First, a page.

The Ghana Millennium Development Goals 2015 report shows that the country has made a significant progress in achieving the targets set in the goals.
The report, the sixth and final one in the lead up to the adoption of the post 2015 Sustainable Development Agenda (SDG) to be implemented in January 2016, was launched by the vice chairperson of the National Development Planning Commission (NDPC), Dr. Esther Ofei-Aboagye, in Accra yesterday.
The report showed that Ghana largely achieved Goals I, 2, 4, and 8 that had to do with eradication of extreme poverty and hunger, universal primary education, reduction in child mortality as well as indicators to develop a global partnership for development.
Dr William Baah-Boateng and Eric Osei- Assibey, both of the University of Ghana, reviewed the document to set the stage for contributions and discussions from the audience.
Though the country did not achieve Goals 3 and 6 on the promotion of gender equality, women empowerment and combating HIV/AIDS and other diseases respectively, it made significant progress in those areas.
Ghana’s dark spots were on Goals 5 and 7 in which the country failed to achieve improvement in maternal health and ensuring environmental sustainability.
The report revealed that poverty declined from 17 per cent to eight per cent between 2006 and 2013, with seven regions scoring high marks in poverty reduction, while the phenomenon remains a challenge in the Northern, Upper East and Upper West Regions.
It said in spite of considerable gains made in child health since 1990, targets for infant and under-five mortality were unlikely to be met and signal the need for accelerated progress.
Under-five mortality rate improved from 122 per 1,000 live births in 1990 to 82 per 1,000 live births in 2012 which falls short of the MDG target of 40 per 1,000 live birth.
Similarly, infant mortality fell marginally from 57 to 53 per 1,000 live births between 1994 and 2012 but was short of the target of 22 deaths per 1,000 live births.
Institutional maternal mortality fell from 216 per 100,000 live births in 1990 to 144 per 100,000 live births, short of the global target of 54 per 100,000 live births in 2015.
Though the country achieved access to safe drinking water, sanitation remains a major challenge with only 48 per cent of the population having access to sanitation much lower than the 84 per cent target set in the MDG.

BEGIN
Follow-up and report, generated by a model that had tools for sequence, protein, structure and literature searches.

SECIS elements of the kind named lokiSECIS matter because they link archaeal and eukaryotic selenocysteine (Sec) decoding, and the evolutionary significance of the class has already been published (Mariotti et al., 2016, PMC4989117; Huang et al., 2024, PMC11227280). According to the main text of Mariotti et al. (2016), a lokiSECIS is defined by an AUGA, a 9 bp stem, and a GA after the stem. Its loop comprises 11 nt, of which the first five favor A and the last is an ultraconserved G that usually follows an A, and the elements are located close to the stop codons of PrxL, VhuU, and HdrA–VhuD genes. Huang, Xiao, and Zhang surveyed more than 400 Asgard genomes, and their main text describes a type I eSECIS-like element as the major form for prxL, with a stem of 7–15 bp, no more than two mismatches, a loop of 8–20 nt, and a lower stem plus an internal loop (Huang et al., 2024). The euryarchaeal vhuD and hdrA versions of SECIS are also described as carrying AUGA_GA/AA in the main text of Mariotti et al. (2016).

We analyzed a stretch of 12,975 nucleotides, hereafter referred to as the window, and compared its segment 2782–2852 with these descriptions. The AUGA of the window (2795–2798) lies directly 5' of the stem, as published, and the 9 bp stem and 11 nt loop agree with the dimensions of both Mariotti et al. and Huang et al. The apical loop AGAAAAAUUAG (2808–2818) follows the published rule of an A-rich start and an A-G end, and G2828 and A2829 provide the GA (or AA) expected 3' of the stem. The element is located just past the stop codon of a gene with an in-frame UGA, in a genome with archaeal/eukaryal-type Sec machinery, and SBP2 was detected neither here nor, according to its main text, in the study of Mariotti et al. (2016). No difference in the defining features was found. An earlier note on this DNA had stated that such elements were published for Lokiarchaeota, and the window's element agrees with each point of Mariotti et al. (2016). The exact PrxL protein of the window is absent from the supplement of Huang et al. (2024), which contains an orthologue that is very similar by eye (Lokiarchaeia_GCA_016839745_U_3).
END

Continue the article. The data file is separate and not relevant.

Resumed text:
“I look forward to learning lessons documented in this report … where we can scale up promising endeavours , where we can avoid re-inventing the wheel or where we can acknowledge that new approaches and more substantial, investment are needed, “ Christine Evan-Klock, the UN Resident Coordinator said at the launch.
Ms Evan-Klock, also the UNDP Resident Representative, added that now that Ghana had achieved lower middle status, the imperative was mounting to improve domestic revenue mobilisation in order to be able to finance the policies and programmes needed to complete the unfinished agenda and address the new commitments in the SDG.
Let us continue working together to integrate the new global SDG into the implementation and accomplishments of the 15 of Ghana’s 40 year development plan”.
She said challenges of environment population issues and climate change were the new shared challenges that had been recognised in the ensuing global agenda.
Ms. Evan-Klock said significant progress had been made through the MDGs with the number of people living in extreme poverty declining from 1.9 billion in 1990 to 836 million in 2015.
The Director General of the NDPC Dr. Nii Moi Thompson said the lessons learnt from the MDGs and the targets set in the successive agenda would form the basis for the formulation of the 40 year development framework.
He said though Ghana had made significant progress, there was more room for improvement citing issues of urban rural dichotomy, development of slums as some of the challenges that needed much attention.
Dr. Osei-Assibey, an economist, enumerated some challenges including dwindling donor support in the light of the country attaining issues of inequalities especially poverty situation in the Northern, Upper East and Upper West Regions, the realignment of the targets set in the SDG to end in 2030 with that of the proposed 40-year development framework expected to span from 2017-2057.
He said the challenges must be addressed to resolve inequalities “so that no one is left behind in our quest to end poverty in all fronts.”
The international community is expected to adopt the SDG at the Sustainable Development Summit on September 25-27, to become operational from January 1, 2016 to succeed the MDGs.
By Salifu Abdul-Rahaman